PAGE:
Hashtable is synchronized; HashMap does not consider synchronization. So a HashMap is efficient in a single thread. In the multi-threaded case of Hashtable, synchronous operation can ensure the correct execution of the program.

But every time a Hashtable synchronization is executed, the entire structure is locked. See below:

As is clearly marked on the left side of the figure, the entire structure is locked each time.

ConcurrentHashMap was created to solve this problem.

The way the ConcurrentHashMap lock works is slightly fine-grained. ConcurrentHashMap Divides the hash table into 16 buckets (default value). Common operations such as GET, PUT, and remove lock only the buckets that are currently used.

Imagine that 16 writer threads can enter simultaneously from a single thread (the writer thread is locked, while the reader thread is almost unlimited, as discussed later), and the increase in concurrency is obvious.

Even more surprising is the concurrency of the reads in ConcurrentHashMap, since most of the reads are read without locking, so the reads are almost entirely concurrent, while the write locking is very fine-grained and much faster than before (this becomes more apparent when there are more buckets). You only need to lock the entire table for operations such as size.

When iterating, ConcurrentHashMap uses another iteration method, called weak consistent iterator, which is different from the fast failure iterator of traditional sets. In this kind of iteration method, when the iterator is created after the collection and change is no longer throw ConcurrentModificationException, instead of changing the new new data which does not affect the original number According to, The iterator thread can use the old data, and the writer thread can make changes concurrently. More importantly, this ensures continuity and scalability for concurrent execution by multiple threads, which is a key to improved performance.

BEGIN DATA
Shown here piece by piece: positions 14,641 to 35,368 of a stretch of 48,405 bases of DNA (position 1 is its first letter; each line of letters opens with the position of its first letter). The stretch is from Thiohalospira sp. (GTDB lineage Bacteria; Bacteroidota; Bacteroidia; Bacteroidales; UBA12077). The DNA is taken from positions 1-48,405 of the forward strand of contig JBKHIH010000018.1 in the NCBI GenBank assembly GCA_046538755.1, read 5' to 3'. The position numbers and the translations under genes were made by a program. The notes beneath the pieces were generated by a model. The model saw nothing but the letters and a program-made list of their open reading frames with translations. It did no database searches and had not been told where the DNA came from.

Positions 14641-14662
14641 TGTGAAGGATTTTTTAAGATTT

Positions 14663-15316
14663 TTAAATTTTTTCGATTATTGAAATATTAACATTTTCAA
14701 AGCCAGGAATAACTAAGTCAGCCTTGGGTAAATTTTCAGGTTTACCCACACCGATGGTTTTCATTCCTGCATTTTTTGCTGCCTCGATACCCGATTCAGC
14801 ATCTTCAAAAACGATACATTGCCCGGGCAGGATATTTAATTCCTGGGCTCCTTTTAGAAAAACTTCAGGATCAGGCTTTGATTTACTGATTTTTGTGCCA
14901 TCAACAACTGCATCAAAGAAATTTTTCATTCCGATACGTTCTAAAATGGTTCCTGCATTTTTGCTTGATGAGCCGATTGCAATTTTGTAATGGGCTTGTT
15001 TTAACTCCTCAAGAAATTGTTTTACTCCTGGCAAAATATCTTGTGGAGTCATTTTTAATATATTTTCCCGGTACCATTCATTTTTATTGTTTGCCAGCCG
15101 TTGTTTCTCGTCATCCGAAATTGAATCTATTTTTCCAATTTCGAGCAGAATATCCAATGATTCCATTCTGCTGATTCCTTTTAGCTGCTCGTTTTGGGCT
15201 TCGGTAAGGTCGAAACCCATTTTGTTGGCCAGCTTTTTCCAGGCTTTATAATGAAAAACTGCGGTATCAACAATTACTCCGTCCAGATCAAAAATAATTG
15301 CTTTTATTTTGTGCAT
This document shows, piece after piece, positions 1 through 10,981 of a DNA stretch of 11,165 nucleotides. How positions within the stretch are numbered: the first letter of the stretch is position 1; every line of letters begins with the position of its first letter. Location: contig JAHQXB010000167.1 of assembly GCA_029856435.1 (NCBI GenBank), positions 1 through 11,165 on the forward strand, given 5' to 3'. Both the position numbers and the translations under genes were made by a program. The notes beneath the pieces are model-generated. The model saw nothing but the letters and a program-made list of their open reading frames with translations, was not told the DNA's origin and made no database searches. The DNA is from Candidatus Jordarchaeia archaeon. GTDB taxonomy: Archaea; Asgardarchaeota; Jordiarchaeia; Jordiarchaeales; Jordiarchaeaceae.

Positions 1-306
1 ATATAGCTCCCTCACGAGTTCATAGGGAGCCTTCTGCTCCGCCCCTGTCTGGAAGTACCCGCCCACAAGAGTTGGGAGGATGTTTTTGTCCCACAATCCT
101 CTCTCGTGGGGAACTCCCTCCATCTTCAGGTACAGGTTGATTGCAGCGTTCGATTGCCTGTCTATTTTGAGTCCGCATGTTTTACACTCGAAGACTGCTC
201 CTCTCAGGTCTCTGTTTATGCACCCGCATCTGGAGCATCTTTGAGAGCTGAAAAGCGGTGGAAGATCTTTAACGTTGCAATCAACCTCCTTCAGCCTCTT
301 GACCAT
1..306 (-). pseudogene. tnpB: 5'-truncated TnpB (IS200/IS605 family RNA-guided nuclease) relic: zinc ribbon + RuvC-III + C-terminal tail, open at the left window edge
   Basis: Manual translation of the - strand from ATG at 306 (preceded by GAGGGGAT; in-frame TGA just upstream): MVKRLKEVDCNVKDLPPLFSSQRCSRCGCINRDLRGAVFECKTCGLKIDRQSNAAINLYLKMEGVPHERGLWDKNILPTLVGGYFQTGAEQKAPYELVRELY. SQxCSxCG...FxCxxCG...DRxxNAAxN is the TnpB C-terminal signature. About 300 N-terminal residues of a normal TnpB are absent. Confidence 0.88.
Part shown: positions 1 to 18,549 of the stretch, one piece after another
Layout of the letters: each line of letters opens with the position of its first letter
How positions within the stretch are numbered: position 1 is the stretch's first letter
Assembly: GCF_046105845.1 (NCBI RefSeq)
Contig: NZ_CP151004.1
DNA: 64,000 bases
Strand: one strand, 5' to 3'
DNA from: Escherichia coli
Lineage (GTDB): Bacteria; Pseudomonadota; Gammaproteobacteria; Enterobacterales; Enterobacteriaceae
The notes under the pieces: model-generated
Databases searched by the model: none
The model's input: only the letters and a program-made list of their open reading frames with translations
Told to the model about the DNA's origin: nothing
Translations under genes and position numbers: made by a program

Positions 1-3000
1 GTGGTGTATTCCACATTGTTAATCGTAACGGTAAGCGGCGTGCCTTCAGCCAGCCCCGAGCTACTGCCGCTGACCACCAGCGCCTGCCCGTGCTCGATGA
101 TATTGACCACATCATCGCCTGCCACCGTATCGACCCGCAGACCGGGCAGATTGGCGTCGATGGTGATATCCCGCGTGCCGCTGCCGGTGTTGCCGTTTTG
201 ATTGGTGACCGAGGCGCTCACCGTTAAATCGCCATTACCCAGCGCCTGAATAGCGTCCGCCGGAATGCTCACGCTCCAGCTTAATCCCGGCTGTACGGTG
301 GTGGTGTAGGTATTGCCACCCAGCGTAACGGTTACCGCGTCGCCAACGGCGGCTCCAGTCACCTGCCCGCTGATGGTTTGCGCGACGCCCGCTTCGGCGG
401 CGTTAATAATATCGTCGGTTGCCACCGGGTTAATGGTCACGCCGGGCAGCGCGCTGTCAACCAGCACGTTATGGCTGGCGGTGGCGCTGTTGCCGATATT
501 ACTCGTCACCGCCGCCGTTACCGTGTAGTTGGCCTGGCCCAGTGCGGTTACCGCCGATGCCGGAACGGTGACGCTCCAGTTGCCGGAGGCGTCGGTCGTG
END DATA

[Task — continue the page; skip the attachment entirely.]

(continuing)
The source of ConcurrentHashMap is analyzed below. It mainly analyzes the segments in it. Because operations are basically on segments. First look at the definition of the data inside the Segment.


As you can see from the figure above, an important one is the table variable. Is an array of Hashentries. A Segment stores data in this array. In addition to this quantity, there are variables such as loadfactor and modcount.

Segment get function

Add hashEntry code:

As you can see, hashEntry is a chain-type data structure.

In the segment get function, getFirst is used to get the first value, and next is used to find the desired object. Returns if it is not empty. If it is null, another thread may be modifying the node. For example, a weakly consistent iterator changes a pointer to a new value. The previous get operations were not locked. According to Bernstein’s condition, either read or write will cause data inconsistency, so we need to lock the e again and read it again to ensure that we get the correct value. ReadValueUnderLock uses lock() to lock.

The put operation locks the entire segment already started. This is because modification operations cannot be performed concurrently.

The same is true for remove (similar to put, which locks the segment in the first place).

But notice the difference, what does that for loop in the middle do? (The screenshot is not complete, you can look for the code to see). From the point of view of the code, it is to clone all the entries after positioning and put them back to the front, but is that necessary? Every time you delete an element you have to clone the previous element, right? This is determined by the immutability of entry. A close look at the entry definition shows that all attributes except value are final. This means that after the next field is set for the first time, it cannot be changed. As for why Entry is made immutable, it has to do with the fact that immutable access does not need to be synchronized to save time.